Abstract 171: Role of α-Actinin-4-Dependent Endothelial Cell Stiffness in Neutrophil Transmigration
Inflammation is causally linked to many chronic human disorders and constitutes a growing problem in the ageing population. The inflammatory process is driven by interactions of activated leukocytes with the endothelial lining of blood vessels. This requires binding of leukocyte β2-integrins to endothelial ICAM-1 (InterCellular Adhesion Molecule-1), which allows leukocyte adhesion, spreading, crawling and transendothelial migration (TEM). Integrin binding induces ICAM-1 clustering and its consequent association to F-actin which enforces leukocyte adhesion. Here, we analyzed the molecular basis of this positive feedback loop.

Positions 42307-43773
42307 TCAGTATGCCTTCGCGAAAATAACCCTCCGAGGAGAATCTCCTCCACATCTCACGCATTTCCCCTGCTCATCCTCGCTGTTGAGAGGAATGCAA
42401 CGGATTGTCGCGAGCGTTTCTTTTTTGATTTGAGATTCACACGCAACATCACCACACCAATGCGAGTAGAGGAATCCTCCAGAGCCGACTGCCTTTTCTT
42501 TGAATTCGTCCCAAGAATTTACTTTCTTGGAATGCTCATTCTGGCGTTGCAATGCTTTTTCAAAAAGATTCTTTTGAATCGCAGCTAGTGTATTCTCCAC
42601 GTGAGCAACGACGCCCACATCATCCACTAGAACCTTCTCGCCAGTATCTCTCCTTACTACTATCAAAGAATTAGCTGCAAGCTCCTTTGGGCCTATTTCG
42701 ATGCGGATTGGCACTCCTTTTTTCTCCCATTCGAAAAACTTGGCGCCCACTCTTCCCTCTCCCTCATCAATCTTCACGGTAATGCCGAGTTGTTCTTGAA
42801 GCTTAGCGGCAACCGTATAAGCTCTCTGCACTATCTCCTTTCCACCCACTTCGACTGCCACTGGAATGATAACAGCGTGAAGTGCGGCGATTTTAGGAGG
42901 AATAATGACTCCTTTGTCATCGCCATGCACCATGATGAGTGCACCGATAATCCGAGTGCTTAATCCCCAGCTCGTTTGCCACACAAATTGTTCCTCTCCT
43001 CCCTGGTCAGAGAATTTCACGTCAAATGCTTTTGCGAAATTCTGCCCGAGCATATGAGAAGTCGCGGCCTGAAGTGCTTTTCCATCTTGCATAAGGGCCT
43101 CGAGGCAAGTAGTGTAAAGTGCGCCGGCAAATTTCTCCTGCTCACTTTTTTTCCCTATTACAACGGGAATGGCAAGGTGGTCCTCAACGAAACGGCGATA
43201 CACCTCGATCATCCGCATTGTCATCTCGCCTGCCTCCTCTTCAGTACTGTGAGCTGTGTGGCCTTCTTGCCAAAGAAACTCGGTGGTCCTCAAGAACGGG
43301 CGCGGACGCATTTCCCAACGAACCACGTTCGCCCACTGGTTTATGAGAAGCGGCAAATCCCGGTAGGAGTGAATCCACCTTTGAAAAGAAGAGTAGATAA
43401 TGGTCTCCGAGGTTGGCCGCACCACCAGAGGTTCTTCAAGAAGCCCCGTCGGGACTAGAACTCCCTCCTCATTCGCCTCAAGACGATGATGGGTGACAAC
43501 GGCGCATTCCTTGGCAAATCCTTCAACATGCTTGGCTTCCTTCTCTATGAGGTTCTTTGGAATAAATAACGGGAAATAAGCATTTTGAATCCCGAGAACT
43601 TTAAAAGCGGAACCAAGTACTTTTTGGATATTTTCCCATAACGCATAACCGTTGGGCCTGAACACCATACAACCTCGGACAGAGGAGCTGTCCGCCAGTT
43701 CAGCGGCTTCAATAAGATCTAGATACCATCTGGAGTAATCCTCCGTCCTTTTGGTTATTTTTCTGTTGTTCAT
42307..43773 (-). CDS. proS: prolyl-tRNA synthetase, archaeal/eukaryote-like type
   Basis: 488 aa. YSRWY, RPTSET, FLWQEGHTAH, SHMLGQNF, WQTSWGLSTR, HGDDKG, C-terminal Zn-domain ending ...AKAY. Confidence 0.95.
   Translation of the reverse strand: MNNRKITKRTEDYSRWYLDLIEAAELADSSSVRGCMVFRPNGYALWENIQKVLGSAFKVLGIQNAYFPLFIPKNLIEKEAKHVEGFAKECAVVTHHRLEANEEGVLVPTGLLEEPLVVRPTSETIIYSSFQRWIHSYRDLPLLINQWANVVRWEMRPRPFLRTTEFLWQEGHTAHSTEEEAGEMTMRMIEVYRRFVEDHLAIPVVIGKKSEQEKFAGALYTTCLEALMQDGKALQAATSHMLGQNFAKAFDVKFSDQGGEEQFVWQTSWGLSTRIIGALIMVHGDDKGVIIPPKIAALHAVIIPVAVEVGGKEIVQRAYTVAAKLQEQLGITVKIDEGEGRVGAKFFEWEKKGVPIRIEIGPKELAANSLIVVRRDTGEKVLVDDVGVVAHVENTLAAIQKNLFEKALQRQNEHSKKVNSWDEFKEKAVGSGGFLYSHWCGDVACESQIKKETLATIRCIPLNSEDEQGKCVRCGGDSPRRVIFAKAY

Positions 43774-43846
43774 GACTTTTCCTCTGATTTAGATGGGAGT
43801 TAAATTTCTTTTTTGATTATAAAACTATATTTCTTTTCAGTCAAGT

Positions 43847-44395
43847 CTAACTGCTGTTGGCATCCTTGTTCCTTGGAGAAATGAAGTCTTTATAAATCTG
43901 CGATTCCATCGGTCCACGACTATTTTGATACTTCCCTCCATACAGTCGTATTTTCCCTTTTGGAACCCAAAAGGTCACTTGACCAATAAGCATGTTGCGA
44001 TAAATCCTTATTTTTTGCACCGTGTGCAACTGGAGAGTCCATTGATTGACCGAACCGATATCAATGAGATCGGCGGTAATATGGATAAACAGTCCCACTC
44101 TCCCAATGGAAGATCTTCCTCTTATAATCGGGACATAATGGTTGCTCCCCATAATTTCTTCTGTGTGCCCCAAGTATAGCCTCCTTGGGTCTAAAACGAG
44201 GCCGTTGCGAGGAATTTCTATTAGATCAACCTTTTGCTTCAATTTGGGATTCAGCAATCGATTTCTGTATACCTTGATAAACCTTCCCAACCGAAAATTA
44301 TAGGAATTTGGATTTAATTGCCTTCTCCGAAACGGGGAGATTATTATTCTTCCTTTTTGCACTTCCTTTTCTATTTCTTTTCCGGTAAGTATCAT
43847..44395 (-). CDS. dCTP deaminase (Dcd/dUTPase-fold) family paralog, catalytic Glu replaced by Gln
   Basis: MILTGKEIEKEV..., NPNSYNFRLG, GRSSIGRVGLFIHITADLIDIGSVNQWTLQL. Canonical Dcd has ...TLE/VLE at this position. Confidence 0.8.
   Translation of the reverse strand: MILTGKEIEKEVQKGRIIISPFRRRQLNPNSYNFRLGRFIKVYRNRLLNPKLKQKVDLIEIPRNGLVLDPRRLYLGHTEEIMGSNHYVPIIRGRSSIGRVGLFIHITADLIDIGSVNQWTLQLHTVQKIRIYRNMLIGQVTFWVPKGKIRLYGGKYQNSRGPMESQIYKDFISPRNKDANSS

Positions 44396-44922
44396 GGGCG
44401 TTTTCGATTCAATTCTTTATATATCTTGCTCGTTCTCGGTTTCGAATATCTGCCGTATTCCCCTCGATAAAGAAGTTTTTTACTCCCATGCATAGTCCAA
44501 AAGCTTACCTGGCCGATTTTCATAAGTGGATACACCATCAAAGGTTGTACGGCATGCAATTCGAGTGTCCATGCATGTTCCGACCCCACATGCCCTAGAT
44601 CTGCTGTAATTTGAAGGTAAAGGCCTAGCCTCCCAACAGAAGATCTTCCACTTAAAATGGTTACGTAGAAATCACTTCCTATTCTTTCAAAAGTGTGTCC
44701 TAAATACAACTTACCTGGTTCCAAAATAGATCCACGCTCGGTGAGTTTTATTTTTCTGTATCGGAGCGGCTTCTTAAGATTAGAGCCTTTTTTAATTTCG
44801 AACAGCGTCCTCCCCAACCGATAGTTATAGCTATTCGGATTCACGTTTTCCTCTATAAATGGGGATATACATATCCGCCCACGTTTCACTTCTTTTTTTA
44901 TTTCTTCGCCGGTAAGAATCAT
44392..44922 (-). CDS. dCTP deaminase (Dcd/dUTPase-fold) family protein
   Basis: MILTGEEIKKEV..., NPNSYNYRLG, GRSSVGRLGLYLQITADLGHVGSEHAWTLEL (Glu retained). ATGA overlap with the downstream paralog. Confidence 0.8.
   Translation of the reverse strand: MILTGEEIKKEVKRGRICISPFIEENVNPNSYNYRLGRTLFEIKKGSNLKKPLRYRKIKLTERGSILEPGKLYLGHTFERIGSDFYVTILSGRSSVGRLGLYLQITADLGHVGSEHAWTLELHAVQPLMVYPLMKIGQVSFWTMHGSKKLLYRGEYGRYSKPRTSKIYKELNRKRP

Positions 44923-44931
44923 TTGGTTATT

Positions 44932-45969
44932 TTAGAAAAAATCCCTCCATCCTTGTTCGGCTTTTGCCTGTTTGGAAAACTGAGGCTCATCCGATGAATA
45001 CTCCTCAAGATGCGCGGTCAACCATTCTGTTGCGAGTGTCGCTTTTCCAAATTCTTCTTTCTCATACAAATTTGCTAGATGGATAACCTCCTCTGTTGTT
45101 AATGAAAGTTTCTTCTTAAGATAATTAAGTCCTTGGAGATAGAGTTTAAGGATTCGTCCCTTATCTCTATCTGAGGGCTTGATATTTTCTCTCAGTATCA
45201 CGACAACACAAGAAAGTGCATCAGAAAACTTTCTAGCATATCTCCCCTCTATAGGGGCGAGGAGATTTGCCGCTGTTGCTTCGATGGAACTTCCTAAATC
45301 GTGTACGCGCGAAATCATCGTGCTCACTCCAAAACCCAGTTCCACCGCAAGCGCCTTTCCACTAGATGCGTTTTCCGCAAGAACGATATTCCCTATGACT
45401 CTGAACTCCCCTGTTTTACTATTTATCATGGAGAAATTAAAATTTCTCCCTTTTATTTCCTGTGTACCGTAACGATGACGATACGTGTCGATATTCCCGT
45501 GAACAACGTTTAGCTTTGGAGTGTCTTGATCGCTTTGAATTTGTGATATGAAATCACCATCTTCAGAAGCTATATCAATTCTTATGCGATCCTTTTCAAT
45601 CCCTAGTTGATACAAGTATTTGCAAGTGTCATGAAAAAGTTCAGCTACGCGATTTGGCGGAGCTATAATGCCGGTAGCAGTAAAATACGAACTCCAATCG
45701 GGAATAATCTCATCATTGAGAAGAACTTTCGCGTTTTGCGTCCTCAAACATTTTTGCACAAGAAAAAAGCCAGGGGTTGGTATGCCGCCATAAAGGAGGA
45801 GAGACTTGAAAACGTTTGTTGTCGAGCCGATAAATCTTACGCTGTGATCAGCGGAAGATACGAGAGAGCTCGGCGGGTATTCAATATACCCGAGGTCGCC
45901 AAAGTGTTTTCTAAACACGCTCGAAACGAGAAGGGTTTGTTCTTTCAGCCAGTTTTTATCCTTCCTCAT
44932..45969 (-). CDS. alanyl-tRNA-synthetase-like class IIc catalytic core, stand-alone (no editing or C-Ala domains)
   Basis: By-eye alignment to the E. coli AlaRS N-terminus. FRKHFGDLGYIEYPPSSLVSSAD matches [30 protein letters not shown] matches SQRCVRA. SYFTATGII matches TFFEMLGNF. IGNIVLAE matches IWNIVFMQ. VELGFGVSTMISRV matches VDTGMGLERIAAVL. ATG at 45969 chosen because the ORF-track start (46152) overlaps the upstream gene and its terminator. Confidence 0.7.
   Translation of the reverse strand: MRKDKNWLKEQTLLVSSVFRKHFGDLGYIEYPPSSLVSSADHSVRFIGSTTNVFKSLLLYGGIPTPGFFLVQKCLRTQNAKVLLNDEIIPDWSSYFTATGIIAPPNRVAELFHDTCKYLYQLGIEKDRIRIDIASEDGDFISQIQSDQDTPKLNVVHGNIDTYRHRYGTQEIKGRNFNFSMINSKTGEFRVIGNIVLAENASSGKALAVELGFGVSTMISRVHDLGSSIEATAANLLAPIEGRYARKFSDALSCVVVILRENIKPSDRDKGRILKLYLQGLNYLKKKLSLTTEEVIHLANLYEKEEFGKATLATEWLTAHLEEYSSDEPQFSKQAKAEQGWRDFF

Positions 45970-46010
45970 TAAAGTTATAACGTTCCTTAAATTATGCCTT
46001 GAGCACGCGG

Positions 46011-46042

We show that ICAM-1 clustering promotes its binding to F-actin through distinct complexes with FilaminB, Cortactin and α-Actinin-4. We found that α-Actinin-4 regulates endothelial cell peripheral stiffness, which is sensed by adherent neutrophils and promotes adhesion, spreading, crawling and TEM. Conversely, increasing endothelial cell stiffness stimulates the ICAM-1-α-Actinin-4 interaction. Finally, we found that the endothelial lining of atherosclerotic plaques, which is characterized by increased stiffness and leukocyte infiltration, shows increased expression of α-Actinin-4. These results identify α-Actinin-4-regulated endothelial cell stiffness as a novel pro-inflammatory event that promotes ICAM-1-mediated leukocyte adhesion and TEM.
Author Disclosures: P. Hordijk: None. A. Schaefer: None. J. te Riet: None. K. Ritz: None. M. Hoogenboezem: None. E. Anthony: None. E. Mul: None. C. de Vries: None. M. Daemen: None. C. Figdor: None. J. van Buul: None.
- © 2014 by American Heart Association, Inc.